by cgraham added 4 months ago 2 0

    The juxtaposition between privacy and security is perhaps a false dichotomy. In many ways, privacy is a complement to security and security a complement to privacy. The real dichotomy is between liberty and control (1). Since massive attempts to thwart terrorism have largely failed, it stands to reason that sacrificing privacy for security will – as Benjamin Franklin said – give us neither. In truth, it seems as though the best way to combat terrorism is to use the tools we have available right now which have proven their efficacy.



    by cgraham added 4 months ago 1 0

    The question itself is ambiguous enough to distract from its actual implications. Let's dissect it into three parts:

    • "Should citizens give up"
    • "some of their privacy"
    • "in return for greater security?"

    The first part is important here. "Give up" implies that privacy is something one owns as an extension of the self, rather than a privilege that may be revoked. That is, the right to spatial or intellectual privacy is something inherent to self autonomy, i.e. freedom from interference or unwanted proximal contact with an external body. The opening "should" implies consent. But if privacy is inherent to self autonomy, then consent can only be given on an individual basis, not by any collective democratic decision. The argument often presented by the other side - "if you have done nothing wrong, you have nothing to hide" - falls apart on this basis, because, of course, if you have something to hide, you aren't going to consent. Considering this, one sees this opening section as redundant; we are not actually being asked to give up our privacy - we are being asked whether or not to object to its blanket violation for a common good. One must ask, then, what exact violation we are choosing to object to.. which leads me nicely on to...

    the second part. What exactly is "some of their privacy" in this context? According to kem_pel, a supporter of the Yes side, the realms of monitoring are not focused on the individual, but upon certain spatial domains, such as "unindexed material" like child pornography websites. His suggestion can be simplified thus: if you walk into the path of a CCTV camera, you forfeit the privacy of your actions within that space. Indeed, certain domains must be monitored in order to keep track of criminal behaviour, and those who enter these domains forfeit their right to privacy by doing so. But this is not what is being requested. Read: citizenstheir privacy... we are not being asked to forfeit privacy in certain domains. We are being asked, as previously, whether we object to the violation of our personal privacy, an inherent right as an extension of personal autonomy. As a continuation of the metaphor, this is tantamount to having a CCTV camera installed upon our forehead. In practice, this could include, and is not limited to the monitoring of: all online communications and browsing activity, phonecalls and texts, card transactions, personal affiliations with people and groups... and so on. Obviously, "some" is not specified here, but suffice to say that justification for "some" can as easily be justification for much or all, depending on what purpose you are collecting this data for... which leads me finally to...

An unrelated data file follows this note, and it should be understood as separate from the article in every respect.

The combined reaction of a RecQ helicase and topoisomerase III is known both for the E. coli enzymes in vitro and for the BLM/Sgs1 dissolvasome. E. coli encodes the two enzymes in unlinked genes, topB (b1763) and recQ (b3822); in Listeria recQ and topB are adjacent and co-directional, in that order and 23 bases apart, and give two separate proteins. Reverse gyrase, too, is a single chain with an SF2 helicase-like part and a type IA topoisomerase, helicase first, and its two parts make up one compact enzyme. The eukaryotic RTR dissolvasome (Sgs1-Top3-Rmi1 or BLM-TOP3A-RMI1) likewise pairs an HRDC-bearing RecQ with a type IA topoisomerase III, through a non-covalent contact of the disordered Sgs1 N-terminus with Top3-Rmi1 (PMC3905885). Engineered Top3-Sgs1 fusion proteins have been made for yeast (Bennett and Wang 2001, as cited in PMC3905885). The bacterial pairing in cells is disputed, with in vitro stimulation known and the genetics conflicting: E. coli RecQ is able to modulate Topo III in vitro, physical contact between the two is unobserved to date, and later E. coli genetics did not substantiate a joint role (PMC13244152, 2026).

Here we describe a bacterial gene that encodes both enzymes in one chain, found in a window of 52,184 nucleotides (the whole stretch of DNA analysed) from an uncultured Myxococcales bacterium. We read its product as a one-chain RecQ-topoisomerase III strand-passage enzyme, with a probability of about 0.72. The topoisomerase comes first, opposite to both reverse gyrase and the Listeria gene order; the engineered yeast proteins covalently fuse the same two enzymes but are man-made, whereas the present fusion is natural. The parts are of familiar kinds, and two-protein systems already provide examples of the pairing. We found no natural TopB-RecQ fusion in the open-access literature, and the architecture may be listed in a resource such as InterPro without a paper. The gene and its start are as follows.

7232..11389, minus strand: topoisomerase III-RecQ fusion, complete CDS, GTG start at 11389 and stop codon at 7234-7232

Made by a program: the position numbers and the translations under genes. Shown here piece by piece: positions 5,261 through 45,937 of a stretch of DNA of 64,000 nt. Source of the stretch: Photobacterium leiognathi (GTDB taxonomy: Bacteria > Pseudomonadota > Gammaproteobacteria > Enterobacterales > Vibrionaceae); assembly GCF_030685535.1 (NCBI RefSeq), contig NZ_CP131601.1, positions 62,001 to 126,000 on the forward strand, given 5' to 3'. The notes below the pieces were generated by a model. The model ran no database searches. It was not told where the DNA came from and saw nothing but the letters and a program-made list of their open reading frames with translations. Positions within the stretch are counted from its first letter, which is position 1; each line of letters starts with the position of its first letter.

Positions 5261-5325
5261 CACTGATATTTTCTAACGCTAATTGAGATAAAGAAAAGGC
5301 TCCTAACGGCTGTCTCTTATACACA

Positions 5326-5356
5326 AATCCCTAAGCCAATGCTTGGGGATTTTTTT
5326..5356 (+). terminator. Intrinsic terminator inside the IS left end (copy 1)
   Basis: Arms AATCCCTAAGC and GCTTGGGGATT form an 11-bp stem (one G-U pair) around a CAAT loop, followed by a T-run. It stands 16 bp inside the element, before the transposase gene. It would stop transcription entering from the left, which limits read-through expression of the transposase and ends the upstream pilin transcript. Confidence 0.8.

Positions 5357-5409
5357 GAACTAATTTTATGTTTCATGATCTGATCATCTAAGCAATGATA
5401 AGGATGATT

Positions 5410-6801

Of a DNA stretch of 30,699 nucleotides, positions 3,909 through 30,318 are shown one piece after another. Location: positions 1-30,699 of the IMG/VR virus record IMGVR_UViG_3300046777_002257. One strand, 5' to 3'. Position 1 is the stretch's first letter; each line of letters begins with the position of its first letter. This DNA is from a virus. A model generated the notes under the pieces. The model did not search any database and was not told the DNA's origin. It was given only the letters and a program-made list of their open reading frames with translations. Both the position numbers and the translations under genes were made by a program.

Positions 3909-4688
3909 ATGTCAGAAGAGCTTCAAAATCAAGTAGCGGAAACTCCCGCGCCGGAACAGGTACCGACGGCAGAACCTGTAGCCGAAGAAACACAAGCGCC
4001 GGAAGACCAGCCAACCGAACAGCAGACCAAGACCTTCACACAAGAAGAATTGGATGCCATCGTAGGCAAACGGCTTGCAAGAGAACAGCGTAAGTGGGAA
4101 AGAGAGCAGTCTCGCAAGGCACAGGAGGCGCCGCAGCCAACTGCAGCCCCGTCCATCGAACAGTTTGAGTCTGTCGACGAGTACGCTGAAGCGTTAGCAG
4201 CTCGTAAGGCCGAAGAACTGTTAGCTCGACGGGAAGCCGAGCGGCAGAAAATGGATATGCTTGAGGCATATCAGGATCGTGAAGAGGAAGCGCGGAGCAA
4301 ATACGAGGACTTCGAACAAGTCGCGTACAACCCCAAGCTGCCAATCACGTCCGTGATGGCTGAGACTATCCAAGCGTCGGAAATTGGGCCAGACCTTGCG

the third part. This part is almost irrelevant. If the purpose of collection is general security (with no specified threat), if just one person objects to the blanket surveillance this entails, that surveillance is rendered illegitimate. If the purpose of collection is specific, targetting domains (kem_pel's "unindexed materials", for example) is more effective and less intrusive a method than the blanket monitoring or recording implicit in the question. What domains are legitimate for state monitoring is a separate debate.

    The conclusion here is a rewording of a misleading question, argued for on the Yes side by irrelevant points. The rewording is thus: Should an individual accept any measure of personal surveillance of their actions by the state under any circumstance? The answer, obviously, is no.

    by Harleygator added 3 months ago 2 0